Low-paid workers across the Twin Cities are getting a raise Thursday as both Minneapolis and St. Paul bump up their city-mandated minimum wages.

Both cities approved policies in recent years that eventually will require employers to pay at least $15 an hour — a mark that all Minneapolis businesses are expected to meet by 2024, followed by St. Paul businesses in 2027.

As the economic effects of the COVID-19 pandemic continue to play out, business owners have mixed responses to this year's step increases. Some point out that labor shortages in certain industries, such as hospitality, are forcing employers to raise wages even higher than the mandated levels. Others say the requirement is stretching already thin margins after a year of hardship.

St. Paul businesses with fewer than five employees are required to pay at least $10 an hour — a 75-cent hourly increase — starting Thursday. Those with six to 100 workers must bump up a dollar to $11 an hour, while large businesses with 101 to 10,000 employees must raise hourly rates from $11.50 to $12.50.

In Minneapolis, businesses with fewer than 100 workers must also raise minimum wages from $11.75 to $12.50 an hour, while larger employers are required to increase hourly rates by a dollar to $14.25. The cities will add another step increase next July.

"We are in a very different place, from a labor market standpoint, than we were a year ago," said Jonathan Weinhagen, president and CEO of the Minneapolis Regional Chamber of Commerce. He added that he thinks this year's increase will have "a pretty limited impact."

He pointed to the pervasive hiring signs in the Twin Cities as evidence of a burgeoning economic recovery. "I think there's more certainty than there has been," Weinhagen said.

In St. Paul, Golden Thyme Coffee & Cafe owner Mychael Wright is less sure about his financial future. Before the pandemic, Wright estimates that he and his wife, Stephanie, were on track to retire and find someone to take over the restaurant by 2022. Now that date could be pushed back due to revenue lost during the months COVID restrictions forced the restaurant to close.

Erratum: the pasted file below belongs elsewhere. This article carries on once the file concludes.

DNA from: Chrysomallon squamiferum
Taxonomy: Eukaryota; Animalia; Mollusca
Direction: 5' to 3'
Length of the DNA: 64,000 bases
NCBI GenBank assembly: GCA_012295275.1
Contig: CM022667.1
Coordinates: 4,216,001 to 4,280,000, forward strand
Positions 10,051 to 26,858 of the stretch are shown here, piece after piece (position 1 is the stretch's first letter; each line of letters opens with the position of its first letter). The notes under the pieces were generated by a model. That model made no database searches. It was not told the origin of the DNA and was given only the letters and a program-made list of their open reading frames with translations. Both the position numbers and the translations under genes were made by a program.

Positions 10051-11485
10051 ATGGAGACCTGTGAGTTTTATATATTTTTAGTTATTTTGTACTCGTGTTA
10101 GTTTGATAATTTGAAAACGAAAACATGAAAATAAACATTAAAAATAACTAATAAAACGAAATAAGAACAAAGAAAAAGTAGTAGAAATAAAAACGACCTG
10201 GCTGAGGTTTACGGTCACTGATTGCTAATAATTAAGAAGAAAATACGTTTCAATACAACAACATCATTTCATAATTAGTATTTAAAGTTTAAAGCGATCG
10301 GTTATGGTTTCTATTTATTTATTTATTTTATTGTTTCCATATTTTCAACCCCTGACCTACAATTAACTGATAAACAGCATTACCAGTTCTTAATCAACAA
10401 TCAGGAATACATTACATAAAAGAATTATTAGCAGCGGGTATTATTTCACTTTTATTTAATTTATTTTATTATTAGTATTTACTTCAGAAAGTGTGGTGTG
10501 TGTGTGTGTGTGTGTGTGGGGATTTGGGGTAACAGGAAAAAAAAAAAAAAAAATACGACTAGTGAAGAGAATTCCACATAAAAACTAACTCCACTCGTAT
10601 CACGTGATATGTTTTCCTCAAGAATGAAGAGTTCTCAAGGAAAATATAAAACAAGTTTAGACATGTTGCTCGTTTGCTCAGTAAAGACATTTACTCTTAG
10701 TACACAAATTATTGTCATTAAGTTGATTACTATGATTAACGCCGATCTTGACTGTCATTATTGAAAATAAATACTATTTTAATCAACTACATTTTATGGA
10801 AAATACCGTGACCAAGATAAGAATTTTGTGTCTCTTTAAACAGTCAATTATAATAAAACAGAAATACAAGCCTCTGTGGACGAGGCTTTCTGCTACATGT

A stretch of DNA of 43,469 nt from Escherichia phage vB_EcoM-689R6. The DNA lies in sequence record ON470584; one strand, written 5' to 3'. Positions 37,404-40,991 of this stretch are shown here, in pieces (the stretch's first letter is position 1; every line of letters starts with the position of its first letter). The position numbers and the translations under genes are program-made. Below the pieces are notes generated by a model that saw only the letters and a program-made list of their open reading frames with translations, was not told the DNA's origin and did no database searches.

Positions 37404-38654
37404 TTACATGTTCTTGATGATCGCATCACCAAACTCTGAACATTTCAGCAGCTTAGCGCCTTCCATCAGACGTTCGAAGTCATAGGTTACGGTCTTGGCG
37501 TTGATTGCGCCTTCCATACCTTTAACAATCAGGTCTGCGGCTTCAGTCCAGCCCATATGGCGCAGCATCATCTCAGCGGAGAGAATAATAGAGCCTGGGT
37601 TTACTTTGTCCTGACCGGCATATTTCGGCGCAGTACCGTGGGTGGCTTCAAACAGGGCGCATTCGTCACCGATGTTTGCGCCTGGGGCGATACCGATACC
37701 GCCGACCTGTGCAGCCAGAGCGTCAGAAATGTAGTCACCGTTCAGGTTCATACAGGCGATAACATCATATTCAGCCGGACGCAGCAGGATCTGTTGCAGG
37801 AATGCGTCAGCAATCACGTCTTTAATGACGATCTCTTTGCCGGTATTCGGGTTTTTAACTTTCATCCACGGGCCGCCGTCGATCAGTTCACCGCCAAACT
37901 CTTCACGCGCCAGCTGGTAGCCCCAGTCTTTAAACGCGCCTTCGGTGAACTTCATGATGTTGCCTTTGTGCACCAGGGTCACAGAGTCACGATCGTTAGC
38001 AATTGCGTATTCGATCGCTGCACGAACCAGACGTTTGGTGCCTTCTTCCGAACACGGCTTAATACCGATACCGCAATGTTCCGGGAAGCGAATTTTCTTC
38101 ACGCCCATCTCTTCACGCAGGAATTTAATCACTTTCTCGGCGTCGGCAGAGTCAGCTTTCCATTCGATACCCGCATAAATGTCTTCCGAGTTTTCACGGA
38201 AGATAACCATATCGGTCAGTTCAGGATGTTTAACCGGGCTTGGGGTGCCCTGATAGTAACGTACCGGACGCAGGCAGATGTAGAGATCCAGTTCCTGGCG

Wright likes training and mentoring young workers, but said the climbing minimum wage hampers his ability to take a chance on teens.

"I do want people to make a good wage, but at $15-an-hour rates, coming in they have to know something," he said.

Golden Thyme is trying to "scratch back from COVID," Wright said, and he thinks government should be helping small businesses — not adding costs.

"It's horrible timing for everyone opening back up," said Kris Masanz, who owns the Neighborhood Cafe down the street. Thursday's increase will only affect her serving staff, but that money will come out of her bottom line, which she said "wasn't a lot pre-pandemic."

Some employers, like the Mississippi Market Co-op in St. Paul, have already met the $15 hourly mark. Chuck Showalter, the bulk buyer and receiver for the Selby Avenue store, said managers raised wages early in the pandemic, when the store was swamped and employees were risking their health.

"This last year has been so tough," he said, calling the pay raise for the store's most junior employees "long overdue."

Those pay bumps have had a ripple effect, indirectly increasing the pay for more experienced employees like Showalter, who is expecting a raise soon, even though he was already making more than $15 an hour.

"Many workers were out of a job or had hours reduced for a long time," said Eli Stein, lead organizer for the Restaurant Opportunities Center of Minnesota. "Of course this minimum wage increase is exciting, but it is not enough for what workers are facing right now."

Both cities sent out notices ahead of the Thursday increase, and municipal workers field and investigate complaints about businesses not complying. Minneapolis received 26 complaints about minimum wage violations between March 2020 and March 2021.

"The city believes a healthy labor market balances power between workers and employers such that they can more often agree on appropriate wages," Brian Walsh, director of Minneapolis' labor enforcement division, said in an e-mail.

Sonia Ross, 17, is two weeks into her first job as a back server at the University Club of St. Paul. She makes $12.50 an hour, so she won't get a raise this summer, but she's enjoying the work so far.

"My friends were kind of surprised by my pay. They thought it sounded low," Ross said. A friend recently quit working at the club for a better-paying gig, something Ross said she might seek out next summer — after she has some experience under her belt.

Katie Galioto • 612-673-4478